Robert Pattinson, sci-fi and sex in outer space – if ever the audacious, brilliant French director Claire Denis were making a bid for a mainstream audience, High Life would seem to be it. It turns out, the reverse is true. Before and especially after his Twilight years, Pattinson has sought out roles in smaller, artistic films, apparently on a mission to establish himself as a serious actor. The plan is working.
One simpatico director, David Cronenberg, cast Pattinson in the misbegotten Cosmopolis and underrated Maps to the Stars. His recent turn as a low-life criminal and protective brother in Josh and Benny Safdie’s Good Time was among his most layered roles yet. Denis is his latest kindred spirit, using his quiet presence to great effect.
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High Life, Denis’ first film in English, is set on a spaceship full of prisoners sent on an almost certain suicide mission to explore a black hole. Despite the starry casting and high-concept plot, Denis has not compromised the scathing view of humanity or elliptical style of her early films such as Beau Travail and recent ones such as Bastards. High Life is provocative, eerie and above all weird. But even at its most willfully enigmatic it is anchored in this world by Pattinson’s terrific, humane, understated performance.
His character, Monte, and a baby named Willow, who is quite likely his daughter, are the ship’s last survivors. Early in the film, Monte puts the bodies of his dead colleagues in their spacesuits and sends them floating into the void.
Pattinson gives his character a resigned yet determined attitude. Monte forges ahead even though he no longer has contact with Earth, and even tries to teach the baby right from wrong. In this world “taboo” is among baby’s first words, and it comes laden with irony.
The spaceship is a minimalist design of beige and grey corridors, often cast in blue shadows. Within that cold, austere setting Pattinson’s scenes with Willow are gentle and endearing. The baby actor is the child of one of Pattinson’s best friends, a hint that casting directors should look close to home if they want to duplicate that comfortable father-daughter warmth.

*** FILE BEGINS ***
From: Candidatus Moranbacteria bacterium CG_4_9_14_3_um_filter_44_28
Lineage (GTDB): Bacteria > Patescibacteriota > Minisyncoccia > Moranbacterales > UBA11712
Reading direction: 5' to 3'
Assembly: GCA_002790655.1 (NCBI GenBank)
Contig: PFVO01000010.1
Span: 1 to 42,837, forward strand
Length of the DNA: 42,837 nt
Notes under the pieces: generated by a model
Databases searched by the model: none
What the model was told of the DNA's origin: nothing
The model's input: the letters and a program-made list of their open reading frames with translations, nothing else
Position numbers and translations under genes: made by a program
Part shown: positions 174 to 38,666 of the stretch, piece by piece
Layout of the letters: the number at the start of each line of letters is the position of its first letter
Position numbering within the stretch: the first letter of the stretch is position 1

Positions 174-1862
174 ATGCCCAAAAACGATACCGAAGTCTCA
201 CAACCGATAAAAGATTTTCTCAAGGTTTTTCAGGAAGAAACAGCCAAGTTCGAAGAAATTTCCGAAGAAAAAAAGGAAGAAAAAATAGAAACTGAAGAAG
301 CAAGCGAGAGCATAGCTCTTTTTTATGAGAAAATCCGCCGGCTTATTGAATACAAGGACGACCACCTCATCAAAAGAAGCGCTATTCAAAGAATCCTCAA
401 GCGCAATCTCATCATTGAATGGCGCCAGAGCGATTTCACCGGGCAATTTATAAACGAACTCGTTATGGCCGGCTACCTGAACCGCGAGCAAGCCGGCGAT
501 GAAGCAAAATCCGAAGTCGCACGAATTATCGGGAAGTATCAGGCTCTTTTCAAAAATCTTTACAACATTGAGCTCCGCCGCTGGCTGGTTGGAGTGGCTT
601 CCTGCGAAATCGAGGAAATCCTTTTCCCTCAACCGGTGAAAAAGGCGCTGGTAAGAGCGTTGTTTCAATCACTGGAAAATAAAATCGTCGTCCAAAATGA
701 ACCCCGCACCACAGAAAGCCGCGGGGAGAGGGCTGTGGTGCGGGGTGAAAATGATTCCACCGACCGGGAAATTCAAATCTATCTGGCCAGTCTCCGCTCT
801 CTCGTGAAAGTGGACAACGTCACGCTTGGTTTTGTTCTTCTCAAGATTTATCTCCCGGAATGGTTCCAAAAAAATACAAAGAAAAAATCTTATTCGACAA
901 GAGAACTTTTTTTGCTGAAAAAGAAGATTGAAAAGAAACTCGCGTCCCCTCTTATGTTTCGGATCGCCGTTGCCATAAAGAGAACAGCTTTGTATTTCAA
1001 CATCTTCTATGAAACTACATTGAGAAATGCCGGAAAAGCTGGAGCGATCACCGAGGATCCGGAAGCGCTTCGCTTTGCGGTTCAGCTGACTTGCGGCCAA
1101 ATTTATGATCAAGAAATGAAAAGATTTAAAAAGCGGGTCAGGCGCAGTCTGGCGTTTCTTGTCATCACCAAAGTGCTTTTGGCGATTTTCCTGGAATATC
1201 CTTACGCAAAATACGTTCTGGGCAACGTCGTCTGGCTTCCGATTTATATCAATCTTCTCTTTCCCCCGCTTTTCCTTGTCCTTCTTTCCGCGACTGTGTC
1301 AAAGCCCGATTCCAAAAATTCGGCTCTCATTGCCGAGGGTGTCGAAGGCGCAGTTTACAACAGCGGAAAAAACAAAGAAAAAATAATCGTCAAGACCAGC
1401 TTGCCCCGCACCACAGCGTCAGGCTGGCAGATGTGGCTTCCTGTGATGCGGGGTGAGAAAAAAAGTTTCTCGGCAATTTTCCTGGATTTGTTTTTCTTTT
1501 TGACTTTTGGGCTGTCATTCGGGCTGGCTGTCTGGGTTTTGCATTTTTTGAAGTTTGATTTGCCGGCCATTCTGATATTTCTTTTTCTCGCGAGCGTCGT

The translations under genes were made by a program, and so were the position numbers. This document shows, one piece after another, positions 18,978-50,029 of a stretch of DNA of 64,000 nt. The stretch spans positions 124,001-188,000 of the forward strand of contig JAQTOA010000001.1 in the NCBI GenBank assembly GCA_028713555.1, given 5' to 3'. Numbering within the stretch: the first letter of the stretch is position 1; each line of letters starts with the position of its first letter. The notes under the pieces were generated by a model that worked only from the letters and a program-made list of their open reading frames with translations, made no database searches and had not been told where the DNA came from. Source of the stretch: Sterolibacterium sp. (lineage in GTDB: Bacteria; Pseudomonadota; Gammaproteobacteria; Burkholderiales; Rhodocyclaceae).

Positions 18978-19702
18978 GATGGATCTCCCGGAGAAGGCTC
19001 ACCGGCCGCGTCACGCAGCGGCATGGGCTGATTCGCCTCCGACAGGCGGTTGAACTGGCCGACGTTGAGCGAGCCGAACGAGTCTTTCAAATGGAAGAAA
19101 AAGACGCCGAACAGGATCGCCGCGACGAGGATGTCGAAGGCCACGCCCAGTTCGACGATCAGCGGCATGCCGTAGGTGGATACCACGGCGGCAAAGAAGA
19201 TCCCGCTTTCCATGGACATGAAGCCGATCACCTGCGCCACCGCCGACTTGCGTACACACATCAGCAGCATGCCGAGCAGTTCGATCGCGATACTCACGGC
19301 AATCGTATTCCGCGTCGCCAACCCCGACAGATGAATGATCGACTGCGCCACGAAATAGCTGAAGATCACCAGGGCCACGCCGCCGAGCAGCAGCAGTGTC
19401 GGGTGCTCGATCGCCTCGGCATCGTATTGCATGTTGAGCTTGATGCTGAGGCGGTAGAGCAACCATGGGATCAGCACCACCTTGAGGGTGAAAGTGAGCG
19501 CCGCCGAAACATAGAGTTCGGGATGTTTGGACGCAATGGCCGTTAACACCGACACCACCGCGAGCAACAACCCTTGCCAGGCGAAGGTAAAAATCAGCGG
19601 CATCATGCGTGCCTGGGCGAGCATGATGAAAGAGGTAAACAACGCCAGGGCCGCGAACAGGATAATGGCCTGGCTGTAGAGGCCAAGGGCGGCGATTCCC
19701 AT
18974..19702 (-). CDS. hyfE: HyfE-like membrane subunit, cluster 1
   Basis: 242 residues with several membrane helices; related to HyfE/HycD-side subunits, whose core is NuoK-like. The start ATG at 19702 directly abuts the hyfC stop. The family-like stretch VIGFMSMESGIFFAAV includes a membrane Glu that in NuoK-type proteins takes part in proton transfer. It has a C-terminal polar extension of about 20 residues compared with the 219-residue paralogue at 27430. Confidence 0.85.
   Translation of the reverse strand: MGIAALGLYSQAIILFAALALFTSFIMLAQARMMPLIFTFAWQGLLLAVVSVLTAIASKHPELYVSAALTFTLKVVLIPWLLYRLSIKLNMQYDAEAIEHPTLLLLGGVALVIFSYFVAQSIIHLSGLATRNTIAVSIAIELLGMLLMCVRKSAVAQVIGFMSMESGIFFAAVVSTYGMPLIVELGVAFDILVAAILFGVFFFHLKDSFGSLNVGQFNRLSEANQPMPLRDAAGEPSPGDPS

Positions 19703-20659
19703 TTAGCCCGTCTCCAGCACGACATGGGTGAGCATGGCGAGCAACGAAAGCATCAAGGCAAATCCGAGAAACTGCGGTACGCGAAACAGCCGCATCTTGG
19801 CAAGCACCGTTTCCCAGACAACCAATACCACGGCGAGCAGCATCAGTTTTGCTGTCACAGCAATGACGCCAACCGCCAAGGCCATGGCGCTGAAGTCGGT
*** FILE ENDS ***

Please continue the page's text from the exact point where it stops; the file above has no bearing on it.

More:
Denis seems profoundly uninterested in space itself
As the film lucidly flashes back and forth in time Denis fills in details of the ship’s journey. There is never much of a plot. She creates a jagged narrative that reflects the characters’ unease, enhanced by Stuart Staples’ electronic score. All the prisoners had been sentenced to death or to life in prison, and chose space as an alternative. They did not realise they would be used as human guinea pigs by a controlling doctor named Dibs (Juliette Binoche).
The rules of the ship forbid sex with another person, but solo activity is fine. Men are encouraged to provide sperm samples for Dibs’ experiments. She calls Monte a monk because he refuses, saying chastity will make him strong.
Technically, High Life is a no-sex-in-space movie, and Denis uses that restriction to explore thwarted desire and loneliness in a crowd. Binoche enters a chamber designed for sexual privacy, where she rides a device that is a variation on a mechanical bull, the camera roaming over parts of her body in close up. Denis has said that in an earlier version of the script, the device was called ‘the love machine,’ but everyone around her said the name was “too French.” Too wry is more like it. Binoche’s scene is not about physical fulfillment, but emotional frustration.
Most of the crew’s crimes are not fully explained. Apart from Monte, the one sympathetic character is played by André Benjamin, who stands out in a short scene. Digging through earth in a garden where the crew grows food, he explains that he chose to die in space so his son would be proud of him for helping further scientific knowledge. Mia Goth plays Willow’s mother Boyse, who is tough and unrepentant. The way Dibs gets Monte’s sperm and uses it (probably) to impregnate Boyse recalls Denis’ brutal view of sexuality in Bastards. Dibs’ crime on Earth, when it is revealed, turns out to be horrific.
Eventually Monte’s T-shirt is in tatters, his cropped hair has a white patch, Willow has become an adolescent and Denis heads towards a deliberately ambiguous ending. Throughout, Pattinson carries the film with few words and a sobering sense of restraint, conveying Monte’s unfulfilled longing and unstated regrets.
One of the oddities of High Life is that it did not really have to be set in space. Despite the haunting blackness outside Monte’s window, it is not a special effects extravaganza like Gravity, and doesn’t have the futuristic chill of 2001: A Space Odyssey. At times it evokes other last-person-on-the ship films like The Martian, especially in the gardening scenes. But Denis seems profoundly uninterested in space itself. Instead, the isolated setting allows her to focus on the essence of human behaviour, on the themes of love, guilt and desire that have propelled her long and stunning career, and that her newest lead actor make so captivating.
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